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A SAMPLE of pure butter should contain no more than from 10 to 15 per cent. of moisture, a good sample averaging about per cent., and, unless heavily salted, an almost infinitesimal proportion of mineral matter. Theoretically, butter should contain nothing more than the fat of milk, the salt which is added during manu­facture, and the water which up to a certain point is inseparable from butter. Those who understand the manufacture of butter are well aware that both by the exercise of skill and care­lessness a much larger amount of water can be added to it than is essential; and it follows that the larger the amount of water, the greater the weight of the butter produced. To knowingly manufacture butter with excessive moisture is fraudulent, for the consumer pays the price of butter for water; but it should be remembered that the perpetrators of a fraud of this character often defeat their own object, inasmuch as butter of high quality cannot be produced, nor will it keep if the water is excessive. Excessive salting is equally deleterious to the quality; a minute proportion of salt improves the flavour common to butter, but a large quantity masks it, at the same time adding to the weight. We have remarked that there should be no other material in butter than fat, water, and salt. In practice, however, it is next to impossible to remove either the whole of the sugar, or the casein or curdy matter; and this being the case, in the course of time — and it depends entirely upon the proportion of caseous matter left in the butter — a sample becomes rancid and unfit either for sale or consumption. The prime object, therefore, under the British system of butter-making is to produce as large a quantity of butter of the finest flavour as possible, re­ducing the moisture and the extraneous curdy matter and sugar to the lowest possible pro­portions. In the first place, then, in order to produce quantity it is necessary to use the cream separator, which extracts more fat from the milk than is obtainable by any other process. If this is followed by treatment which has for its object the conversion of as much of this fat as possible into butter, a maximum quantity will be ob­tained. As regards quality, it is first of all im­portant that the milk should be obtained from carefully fed cows which are milked by clean hands into clean vessels, the milk being sub­sequently strained before manipulation. The apartment in which the various operations take place should be perfectly pure. In this case the cream from the separator will in due course ripen properly, and fine flavour will in consequence develop. Having obtained quan­tity and flavour, we have next to deal with the conversion of the butter-fat obtained in the churn into made-up butter. As we shall see, the grains of fat as they are first produced are floating in buttermilk, the particular constituent of which is casein. This casein is an essential food of the lactic ferment; hence its removal is necessary. Careful washing, therefore, is the first process; and if the tiny grains are washed at a given stage, which is shown in every dairy school, the greater portion of the curd will be removed, and almost pure butter­fat left behind.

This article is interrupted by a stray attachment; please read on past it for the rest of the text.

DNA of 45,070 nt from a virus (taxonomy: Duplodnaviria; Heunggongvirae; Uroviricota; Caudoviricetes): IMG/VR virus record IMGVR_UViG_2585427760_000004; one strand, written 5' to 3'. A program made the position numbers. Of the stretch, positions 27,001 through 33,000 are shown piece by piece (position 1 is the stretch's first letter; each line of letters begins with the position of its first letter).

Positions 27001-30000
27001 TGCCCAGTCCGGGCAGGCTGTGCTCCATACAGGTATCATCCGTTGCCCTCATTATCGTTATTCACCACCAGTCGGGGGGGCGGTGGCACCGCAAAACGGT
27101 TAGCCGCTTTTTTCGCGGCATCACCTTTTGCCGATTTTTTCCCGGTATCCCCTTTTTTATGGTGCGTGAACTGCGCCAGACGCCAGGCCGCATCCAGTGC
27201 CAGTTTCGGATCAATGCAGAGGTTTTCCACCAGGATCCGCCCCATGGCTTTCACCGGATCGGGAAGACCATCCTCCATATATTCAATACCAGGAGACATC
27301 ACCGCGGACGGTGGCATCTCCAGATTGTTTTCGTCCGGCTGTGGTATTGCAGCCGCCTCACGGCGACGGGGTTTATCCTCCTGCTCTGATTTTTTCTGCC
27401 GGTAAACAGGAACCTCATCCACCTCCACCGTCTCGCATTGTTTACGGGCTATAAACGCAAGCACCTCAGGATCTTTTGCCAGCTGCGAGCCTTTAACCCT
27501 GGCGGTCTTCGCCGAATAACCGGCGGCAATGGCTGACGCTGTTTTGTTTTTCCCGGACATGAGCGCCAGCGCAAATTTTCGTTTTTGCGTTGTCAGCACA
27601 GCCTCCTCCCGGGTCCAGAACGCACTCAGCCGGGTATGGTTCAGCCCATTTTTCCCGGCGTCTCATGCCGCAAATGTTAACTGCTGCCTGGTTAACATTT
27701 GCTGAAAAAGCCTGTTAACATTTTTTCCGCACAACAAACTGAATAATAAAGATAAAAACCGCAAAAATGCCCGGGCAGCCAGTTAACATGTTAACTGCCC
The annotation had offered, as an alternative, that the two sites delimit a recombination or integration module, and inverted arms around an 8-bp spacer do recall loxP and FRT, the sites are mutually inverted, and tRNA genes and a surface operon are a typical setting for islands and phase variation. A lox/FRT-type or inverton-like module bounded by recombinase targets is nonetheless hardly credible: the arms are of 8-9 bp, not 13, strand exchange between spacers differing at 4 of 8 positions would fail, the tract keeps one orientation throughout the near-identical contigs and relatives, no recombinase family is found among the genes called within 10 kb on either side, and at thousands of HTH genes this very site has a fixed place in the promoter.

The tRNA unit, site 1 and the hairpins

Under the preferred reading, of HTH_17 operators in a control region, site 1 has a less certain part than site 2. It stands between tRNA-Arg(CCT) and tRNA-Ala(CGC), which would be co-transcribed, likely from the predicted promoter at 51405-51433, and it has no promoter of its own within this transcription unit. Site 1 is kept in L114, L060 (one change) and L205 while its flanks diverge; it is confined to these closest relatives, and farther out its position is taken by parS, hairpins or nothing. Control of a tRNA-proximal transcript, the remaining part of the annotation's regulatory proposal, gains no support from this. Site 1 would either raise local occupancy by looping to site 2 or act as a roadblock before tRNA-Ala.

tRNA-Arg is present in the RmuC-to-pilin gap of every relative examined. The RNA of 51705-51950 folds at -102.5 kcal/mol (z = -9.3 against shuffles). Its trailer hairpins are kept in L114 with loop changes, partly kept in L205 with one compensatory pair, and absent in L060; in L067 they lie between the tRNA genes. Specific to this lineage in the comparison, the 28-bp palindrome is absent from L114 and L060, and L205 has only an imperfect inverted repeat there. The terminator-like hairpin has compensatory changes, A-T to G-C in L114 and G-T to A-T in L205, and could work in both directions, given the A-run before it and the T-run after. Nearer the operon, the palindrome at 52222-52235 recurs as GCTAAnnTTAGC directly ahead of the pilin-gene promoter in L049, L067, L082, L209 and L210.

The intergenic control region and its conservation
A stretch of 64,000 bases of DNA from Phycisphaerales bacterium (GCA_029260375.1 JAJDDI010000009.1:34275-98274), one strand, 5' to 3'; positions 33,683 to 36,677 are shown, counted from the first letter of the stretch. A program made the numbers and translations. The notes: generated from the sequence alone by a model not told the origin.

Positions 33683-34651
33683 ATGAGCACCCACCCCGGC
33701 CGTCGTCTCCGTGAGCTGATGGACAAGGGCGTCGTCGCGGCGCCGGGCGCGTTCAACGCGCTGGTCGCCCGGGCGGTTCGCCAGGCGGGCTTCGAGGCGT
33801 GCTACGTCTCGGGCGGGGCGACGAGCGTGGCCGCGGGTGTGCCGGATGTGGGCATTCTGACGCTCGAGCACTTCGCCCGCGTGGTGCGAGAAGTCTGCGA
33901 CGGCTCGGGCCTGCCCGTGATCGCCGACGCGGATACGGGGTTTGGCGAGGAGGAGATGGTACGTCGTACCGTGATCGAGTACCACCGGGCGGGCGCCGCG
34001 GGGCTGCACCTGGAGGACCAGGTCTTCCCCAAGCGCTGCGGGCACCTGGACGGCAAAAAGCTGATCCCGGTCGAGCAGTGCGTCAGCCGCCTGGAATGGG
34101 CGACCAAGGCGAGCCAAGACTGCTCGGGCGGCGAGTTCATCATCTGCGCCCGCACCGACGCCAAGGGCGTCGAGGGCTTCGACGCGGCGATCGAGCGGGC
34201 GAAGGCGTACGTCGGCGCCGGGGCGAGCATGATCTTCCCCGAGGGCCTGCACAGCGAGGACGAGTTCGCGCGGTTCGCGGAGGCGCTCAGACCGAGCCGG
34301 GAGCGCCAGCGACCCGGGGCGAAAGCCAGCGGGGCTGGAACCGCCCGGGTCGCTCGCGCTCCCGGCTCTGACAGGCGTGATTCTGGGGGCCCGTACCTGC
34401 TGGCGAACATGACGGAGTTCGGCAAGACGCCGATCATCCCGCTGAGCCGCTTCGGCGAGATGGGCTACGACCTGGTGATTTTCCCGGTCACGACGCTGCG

Let us, however, assume that inferior butter is produced in a dairy, and that the occupier is unable to improve the quality. It may be asked how the production of an inferior article can be converted into the production of one of really high quality. The thing is easy if the work is carried out with intelligence and thoroughness. The manufacturer must condescend to details and recognize scientific facts. The alteration which takes place in cream, that is to say its change from perfect sweetness to a condition of sourness, acidity, or ripeness, is owing to the presence of an organism or bacterium which can only be dis­covered by those who are skilled in the use of the microscope. This organism rapidly increases in number when milk is warm and exposed to the atmosphere. It converts the sugar of milk into lactic acid; hence the sourness of milk. If this change is allowed to continue unchecked, the curd of the milk will coagulate, and it is for this reason that cream when allowed to ripen for churning becomes thicker. If cream is churned while it is still sweet it is frequently longer before it is con­verted into butter, it produces less butter, and the flavour is less full and nutty. The object, therefore, of ripening cream is to increase the quantity of butter and improve the flavour. In every dairy the lactic ferment is present either upon the utensils or in the atmosphere itself; but in some cases there are other organisms which, unlike the lactic ferment, have a contrary influence, producing a disagreeable flavour which reduces the value of the butter. The object of the dairyman, therefore, should be to maintain the apartment in which the milk or cream is placed, as well as the utensils employed, in as cleanly a condition as possible. There need be no fear about boiling water or lime destroying the lactic ferment. If it is removed from the utensils it is present in the air, and present, too, in a clean dairy perhaps in much larger numbers than any other organism is likely to be, and it is absolutely essential to the production of good butter. On the other hand, in a dirty apartment and on dirty utensils dangerous ferments are common; and if through conditions which suit them — and dirt is the chief of these — they are induced to increase in number, they may obtain the mastery, and destroy the flavour and quality of the butter produced. Let us suppose, there­fore, as we have suggested already, that bad butter is produced in a dairy which has not been kept under the most perfect conditions. How can a change be brought about? In the first place, the whole of the utensils, shelves, and tables should be removed and thoroughly cleansed with boiling water. The walls and ceilings should be lime-washed and the floor scalded and dried, for a dairy should be dry. In this way every colony or nest, as it were, of the undesirable bacteria will be destroyed, and the clean utensils being returned to the dairy may be employed both in the raising of cream and in the manufacture of butter without any fear whatever. If, however, the manufacturer desires to proceed upon still more definite lines, and to omit no course of procedure which will ensure success, he may introduce from the most success­ful dairy with which he is acquainted a small quantity of the sour buttermilk which has been produced from the same day's churning. This buttermilk will contain the germs or bacteria which have been responsible for the production of butter-flavour of high class. If this buttermilk is added to the cream which has been obtained from the milk in the now thoroughly clean dairy, that cream will be inoculated, and when it has ripened it will be sufficiently perfect to be churned with every hope of success; and henceforth, so long as cleanliness is observed, there need be no fear as to the maintenance and constant reproduction of the friendly bacteria which are so desirable, as we have pointed out, in the manufacture of butter.